To tackle the problem, one councilwoman passed a law that required any Airbnb hosts in residential zones to have a homestead exemption verifying they live on site. In this case, a city-wide measure was taken and passed into law affecting the micro. It is common to have one host having several properties in different residential areas in New Orleans. From a technical standpoint, it could be viewed that Airbnb as technology is developed and presented as a scalable product. With no limits to reproducibility. Meanwhile, real-life discontinuities exist in the form of such homestead laws. It is impossible to live in more than one homestead at the same time. In other words, the concept of the human is not scalable.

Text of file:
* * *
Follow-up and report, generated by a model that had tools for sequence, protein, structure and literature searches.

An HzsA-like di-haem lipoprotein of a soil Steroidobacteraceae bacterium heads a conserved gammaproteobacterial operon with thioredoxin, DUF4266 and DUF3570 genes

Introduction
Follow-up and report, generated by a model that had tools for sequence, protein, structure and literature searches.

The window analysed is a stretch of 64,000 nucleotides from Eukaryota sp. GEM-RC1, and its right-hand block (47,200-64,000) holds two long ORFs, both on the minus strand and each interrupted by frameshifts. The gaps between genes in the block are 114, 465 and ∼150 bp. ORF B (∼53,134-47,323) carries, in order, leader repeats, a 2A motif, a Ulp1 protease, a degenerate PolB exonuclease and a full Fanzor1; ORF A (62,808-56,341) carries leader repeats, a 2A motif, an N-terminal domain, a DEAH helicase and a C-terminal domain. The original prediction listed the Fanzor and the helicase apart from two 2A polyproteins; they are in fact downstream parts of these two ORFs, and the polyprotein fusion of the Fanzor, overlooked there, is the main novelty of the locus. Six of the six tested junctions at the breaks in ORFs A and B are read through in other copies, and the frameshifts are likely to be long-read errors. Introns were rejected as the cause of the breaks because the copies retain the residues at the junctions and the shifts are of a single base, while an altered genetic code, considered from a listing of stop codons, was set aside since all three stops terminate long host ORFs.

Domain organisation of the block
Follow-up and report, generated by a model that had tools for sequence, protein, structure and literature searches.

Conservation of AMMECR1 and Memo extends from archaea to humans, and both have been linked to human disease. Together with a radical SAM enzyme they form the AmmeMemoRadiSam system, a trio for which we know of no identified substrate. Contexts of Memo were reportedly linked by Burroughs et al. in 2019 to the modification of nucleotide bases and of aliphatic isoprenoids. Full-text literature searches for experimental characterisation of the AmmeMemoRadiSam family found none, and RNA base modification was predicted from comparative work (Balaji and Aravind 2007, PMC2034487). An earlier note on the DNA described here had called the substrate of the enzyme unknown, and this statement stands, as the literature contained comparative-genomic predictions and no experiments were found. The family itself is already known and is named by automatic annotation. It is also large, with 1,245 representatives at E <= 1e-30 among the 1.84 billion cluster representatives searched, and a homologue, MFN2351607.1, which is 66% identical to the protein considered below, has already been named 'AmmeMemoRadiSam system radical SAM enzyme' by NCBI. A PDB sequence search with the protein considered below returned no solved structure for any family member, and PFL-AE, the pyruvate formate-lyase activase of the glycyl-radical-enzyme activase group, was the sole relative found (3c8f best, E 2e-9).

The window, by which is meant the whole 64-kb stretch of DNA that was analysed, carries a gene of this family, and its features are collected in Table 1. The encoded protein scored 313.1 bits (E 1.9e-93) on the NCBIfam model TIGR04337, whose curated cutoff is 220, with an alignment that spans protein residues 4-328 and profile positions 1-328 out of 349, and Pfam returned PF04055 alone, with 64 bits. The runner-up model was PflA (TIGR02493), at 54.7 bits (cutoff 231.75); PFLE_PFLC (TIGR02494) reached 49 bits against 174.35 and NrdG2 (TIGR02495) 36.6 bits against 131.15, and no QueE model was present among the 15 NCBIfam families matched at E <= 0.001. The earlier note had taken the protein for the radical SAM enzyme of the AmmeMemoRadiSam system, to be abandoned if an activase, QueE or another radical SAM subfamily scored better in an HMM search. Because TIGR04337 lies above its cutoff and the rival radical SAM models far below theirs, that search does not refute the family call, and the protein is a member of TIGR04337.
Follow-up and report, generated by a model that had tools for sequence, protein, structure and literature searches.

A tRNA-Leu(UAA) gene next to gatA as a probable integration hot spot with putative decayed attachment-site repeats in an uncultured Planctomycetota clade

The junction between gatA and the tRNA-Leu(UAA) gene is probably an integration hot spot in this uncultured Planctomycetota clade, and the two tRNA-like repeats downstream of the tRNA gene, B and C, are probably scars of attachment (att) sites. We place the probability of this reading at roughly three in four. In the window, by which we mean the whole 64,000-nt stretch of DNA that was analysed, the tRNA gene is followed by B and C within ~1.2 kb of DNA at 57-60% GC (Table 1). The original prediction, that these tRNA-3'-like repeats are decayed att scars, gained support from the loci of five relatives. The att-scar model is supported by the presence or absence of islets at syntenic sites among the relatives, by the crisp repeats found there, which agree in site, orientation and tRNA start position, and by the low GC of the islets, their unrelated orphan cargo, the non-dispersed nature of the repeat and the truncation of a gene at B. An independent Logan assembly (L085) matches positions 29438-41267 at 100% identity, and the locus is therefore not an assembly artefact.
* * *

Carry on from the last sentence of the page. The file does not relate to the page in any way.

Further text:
Likewise, neither is cultural heritage. The city of New Orleans positions its self as a city with great cultural heritage. It is through this heritage that they seek to draw more and more tourists. How do cities think of scaling up successful initiatives and how do they navigate the political, social, ecological, or economic entanglements. At what point is downscaling necessary? Is culture scalable?